chickenpox


Also found in: Dictionary, Thesaurus, Medical, Wikipedia.
Related to chickenpox: Chickenpox vaccine

chickenpox

a highly communicable viral disease most commonly affecting children, characterized by slight fever and the eruption of a rash

chickenpox

[′chik·ən‚päks]
(medicine)
A mild, highly infectious viral disease of humans caused by a herpesvirus and characterized by vesicular rash. Also known as varicella.
References in periodicals archive ?
About the chickenpox spread Dr Salma said that chickenpox is easily passed between members of families and school classmates through airborne particles, droplets in exhaled air and fluid from the blisters or sores.
All children get exposed to chickenpox - you even hear about some people holding chickenpox parties so their children pick up the virus when they are young.
Her other brother Adriel, also five, is currently receiving treatment for chickenpox at SMC.
The guidelines say pregnant women who develop the chickenpox rash should immediately contact their doctor and be referred to a foetal medicine specialist.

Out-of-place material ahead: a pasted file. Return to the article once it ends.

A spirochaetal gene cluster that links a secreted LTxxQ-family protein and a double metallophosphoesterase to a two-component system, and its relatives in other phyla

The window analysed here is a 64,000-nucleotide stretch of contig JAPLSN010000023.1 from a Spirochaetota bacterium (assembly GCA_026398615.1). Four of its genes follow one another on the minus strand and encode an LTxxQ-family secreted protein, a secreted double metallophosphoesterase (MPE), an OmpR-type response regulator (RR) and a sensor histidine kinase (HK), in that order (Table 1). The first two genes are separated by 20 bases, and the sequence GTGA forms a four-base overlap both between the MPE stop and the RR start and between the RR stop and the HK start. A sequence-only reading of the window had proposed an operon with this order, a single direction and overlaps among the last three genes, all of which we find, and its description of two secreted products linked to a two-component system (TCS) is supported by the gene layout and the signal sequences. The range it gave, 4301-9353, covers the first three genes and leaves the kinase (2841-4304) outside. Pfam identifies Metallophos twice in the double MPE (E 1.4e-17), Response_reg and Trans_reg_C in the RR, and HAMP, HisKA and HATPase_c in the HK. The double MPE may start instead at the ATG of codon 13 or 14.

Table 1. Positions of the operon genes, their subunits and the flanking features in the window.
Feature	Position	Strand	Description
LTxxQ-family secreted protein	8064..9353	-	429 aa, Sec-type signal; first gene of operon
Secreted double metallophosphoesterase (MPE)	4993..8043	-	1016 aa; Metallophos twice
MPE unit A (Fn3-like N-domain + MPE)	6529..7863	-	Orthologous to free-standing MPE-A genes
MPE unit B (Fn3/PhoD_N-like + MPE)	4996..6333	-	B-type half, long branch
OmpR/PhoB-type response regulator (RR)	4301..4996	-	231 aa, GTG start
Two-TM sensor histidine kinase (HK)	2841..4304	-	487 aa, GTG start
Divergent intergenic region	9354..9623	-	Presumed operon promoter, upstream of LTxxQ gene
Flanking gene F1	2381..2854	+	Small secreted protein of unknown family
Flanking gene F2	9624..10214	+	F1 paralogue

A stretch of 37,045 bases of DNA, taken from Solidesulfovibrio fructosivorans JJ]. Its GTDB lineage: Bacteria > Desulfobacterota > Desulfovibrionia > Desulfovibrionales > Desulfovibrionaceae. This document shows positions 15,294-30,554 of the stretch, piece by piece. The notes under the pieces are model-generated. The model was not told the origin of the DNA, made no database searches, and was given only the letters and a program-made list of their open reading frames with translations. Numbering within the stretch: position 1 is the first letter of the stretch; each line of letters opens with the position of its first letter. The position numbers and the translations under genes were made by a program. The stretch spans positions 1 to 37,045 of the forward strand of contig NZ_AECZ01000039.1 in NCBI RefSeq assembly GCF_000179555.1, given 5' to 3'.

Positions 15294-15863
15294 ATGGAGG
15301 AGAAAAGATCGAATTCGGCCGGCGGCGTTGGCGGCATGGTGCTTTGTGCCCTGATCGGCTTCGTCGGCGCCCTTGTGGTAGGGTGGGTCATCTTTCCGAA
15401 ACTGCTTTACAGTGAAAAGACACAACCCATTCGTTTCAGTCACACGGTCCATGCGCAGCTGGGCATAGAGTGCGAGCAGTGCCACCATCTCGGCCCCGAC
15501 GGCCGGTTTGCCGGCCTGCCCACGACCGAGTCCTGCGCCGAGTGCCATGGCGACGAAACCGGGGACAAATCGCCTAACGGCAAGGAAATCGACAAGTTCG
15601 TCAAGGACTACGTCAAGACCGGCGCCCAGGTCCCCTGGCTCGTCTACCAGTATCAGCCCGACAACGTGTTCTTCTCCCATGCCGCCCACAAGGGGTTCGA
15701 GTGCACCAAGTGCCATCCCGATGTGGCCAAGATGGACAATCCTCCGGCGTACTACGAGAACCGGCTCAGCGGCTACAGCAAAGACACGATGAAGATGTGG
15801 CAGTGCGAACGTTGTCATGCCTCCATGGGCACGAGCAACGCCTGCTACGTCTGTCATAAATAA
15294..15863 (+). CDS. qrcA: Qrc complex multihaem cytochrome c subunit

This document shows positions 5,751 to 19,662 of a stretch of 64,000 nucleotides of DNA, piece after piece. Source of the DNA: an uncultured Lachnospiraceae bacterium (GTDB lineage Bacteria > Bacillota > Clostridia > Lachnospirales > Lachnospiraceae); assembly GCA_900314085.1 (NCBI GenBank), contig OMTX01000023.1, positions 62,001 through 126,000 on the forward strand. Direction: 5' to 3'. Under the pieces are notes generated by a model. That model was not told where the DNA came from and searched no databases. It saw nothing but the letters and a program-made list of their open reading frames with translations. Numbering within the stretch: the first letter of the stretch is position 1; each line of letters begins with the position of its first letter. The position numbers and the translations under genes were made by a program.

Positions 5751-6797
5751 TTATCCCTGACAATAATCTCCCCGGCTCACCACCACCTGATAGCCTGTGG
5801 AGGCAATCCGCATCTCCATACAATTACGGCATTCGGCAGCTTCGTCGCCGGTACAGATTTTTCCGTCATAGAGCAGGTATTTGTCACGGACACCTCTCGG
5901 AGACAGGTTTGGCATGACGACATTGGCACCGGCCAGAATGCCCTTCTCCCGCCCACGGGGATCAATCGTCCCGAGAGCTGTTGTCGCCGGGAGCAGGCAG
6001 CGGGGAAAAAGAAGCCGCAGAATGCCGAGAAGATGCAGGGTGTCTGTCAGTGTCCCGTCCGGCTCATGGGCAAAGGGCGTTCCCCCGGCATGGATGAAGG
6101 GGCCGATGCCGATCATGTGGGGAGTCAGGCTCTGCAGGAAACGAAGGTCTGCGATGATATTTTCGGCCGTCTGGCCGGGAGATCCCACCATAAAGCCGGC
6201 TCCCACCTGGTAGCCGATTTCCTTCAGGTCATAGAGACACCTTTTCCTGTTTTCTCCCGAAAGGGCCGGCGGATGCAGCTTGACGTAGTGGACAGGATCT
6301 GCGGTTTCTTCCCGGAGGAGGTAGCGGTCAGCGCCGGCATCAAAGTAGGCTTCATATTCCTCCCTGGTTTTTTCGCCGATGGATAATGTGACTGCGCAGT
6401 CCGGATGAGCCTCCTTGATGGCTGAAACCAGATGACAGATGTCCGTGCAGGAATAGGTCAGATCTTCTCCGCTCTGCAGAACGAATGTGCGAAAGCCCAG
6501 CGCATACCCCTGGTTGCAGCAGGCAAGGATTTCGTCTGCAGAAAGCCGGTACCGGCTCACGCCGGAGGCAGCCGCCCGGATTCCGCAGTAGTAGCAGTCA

htm) Read: Angelina Jolie's Terrible Week: Getting Chickenpox and Missing 'Unbroken' Events
That means if someone has never had chickenpox before, they can develop it after being in contact with a sick person's fluid-filled shingles blisters, CDC says.
It found that nine out of 10 have used calamine lotion on their children to relieve the signs of chickenpox, despite the fact that there is no clinical evidence to show that it works, as - while offering immediate itch relief - can often leave your child's skin feeling itchier than before.
In England and Wales more people die each year from chickenpox than from mumps, measles, whooping cough and Hib meningitis combined.
Although chickenpox is a mild illness, every year several children die and dozens develop serious complications.
Older children who have not yet had chickenpox can also get the vaccine.
The varicella-zoster virus spreads through respiratory droplets that pass through the lungs of persons close to those in the active stages of chickenpox.
Reye's Syndrome should be suspected when vomiting begins 3 to 7 days after the onset of flu or chickenpox.